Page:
There were a thousand questions later, like where exactly she’d take the test, what teacher would be with her, what other kids would be there, and what happened if the other kids took much longer than she did.  All those questions were answered yesterday, the first day of the test.  It was “great,” she said.  The aide from her classroom, who she likes very much, was their proctor.  She got her snack on time.  She got to go to the bathroom when she needed to, “and there was nobody in there, Mommy, since they weren’t allowed!”  As it turned out, her little group finished testing half an hour before the rest of the kids, so she got to chat about Harry Potter and draw pictures. 

In the end, it’s always about making lemons into lemonade.  Sometimes it takes me a while to get the sour taste out of my mouth when diabetes throws me for a loop, but if I’m able to make lemonade for my daughter,  it’s well worth the effort. 

Tornado Relief: Diabetes Style

This morning, I learned through one of my favorite blogs, Six Until Me, that the JDRF chapter in Huntsville, Alabama is collecting supplies for people with diabetes who lost everything in the past week's storms.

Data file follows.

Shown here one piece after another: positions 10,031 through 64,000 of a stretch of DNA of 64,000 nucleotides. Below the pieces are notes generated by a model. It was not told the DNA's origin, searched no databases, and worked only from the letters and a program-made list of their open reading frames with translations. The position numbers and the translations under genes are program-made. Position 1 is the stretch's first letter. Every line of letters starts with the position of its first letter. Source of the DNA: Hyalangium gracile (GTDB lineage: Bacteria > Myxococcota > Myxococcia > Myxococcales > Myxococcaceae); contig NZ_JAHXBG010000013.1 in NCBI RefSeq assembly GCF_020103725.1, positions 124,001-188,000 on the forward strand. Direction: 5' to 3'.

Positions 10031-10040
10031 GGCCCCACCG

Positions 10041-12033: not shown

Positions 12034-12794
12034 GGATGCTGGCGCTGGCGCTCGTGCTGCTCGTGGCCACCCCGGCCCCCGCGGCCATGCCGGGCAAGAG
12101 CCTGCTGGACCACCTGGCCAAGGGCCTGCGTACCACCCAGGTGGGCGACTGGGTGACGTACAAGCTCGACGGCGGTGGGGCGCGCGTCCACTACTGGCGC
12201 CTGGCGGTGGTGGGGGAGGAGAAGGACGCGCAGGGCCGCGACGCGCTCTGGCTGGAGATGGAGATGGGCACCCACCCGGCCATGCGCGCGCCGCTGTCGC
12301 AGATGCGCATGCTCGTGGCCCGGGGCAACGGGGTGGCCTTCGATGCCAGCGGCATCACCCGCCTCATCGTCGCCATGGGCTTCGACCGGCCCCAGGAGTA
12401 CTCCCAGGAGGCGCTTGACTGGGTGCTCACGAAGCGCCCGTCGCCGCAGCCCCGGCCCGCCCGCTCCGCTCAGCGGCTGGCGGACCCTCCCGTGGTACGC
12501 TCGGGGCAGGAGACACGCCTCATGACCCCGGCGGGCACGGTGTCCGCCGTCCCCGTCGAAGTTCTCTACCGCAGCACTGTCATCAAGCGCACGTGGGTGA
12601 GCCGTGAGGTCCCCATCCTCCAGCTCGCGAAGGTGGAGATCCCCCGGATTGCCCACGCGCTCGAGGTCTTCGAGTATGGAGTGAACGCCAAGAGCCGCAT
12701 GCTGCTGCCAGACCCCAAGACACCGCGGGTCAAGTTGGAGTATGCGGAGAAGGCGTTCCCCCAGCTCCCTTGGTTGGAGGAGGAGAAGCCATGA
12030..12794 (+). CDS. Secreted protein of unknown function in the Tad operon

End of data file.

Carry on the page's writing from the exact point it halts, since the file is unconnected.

The biggest needs are meters, strips, insulin and syringes.  Pump supplies, lancets, alcohol swabs, batteries for pumps and meters, glucose tabs, glucagon and ketone strips are also being collected.
All supplies must be unopened and not expired.  Don't forget to remove your personal information from the packaging.

Remember insulin must be shipped in an insulated container.

All supplies can be mailed to the Huntsville JDRF office at 2225 Drake Ave., Office 17, Suite K, Huntsville, Alabama 35805. Mark the box as D-Supplies for Tornado Relief. Address them to Victoria Cumbow and Karen Morris.

Sharing a few extra supplies this week is a unique and concrete way to ease a bit of the burden on people with diabetes who are living through this horrible disaster.

The Roller Skating Party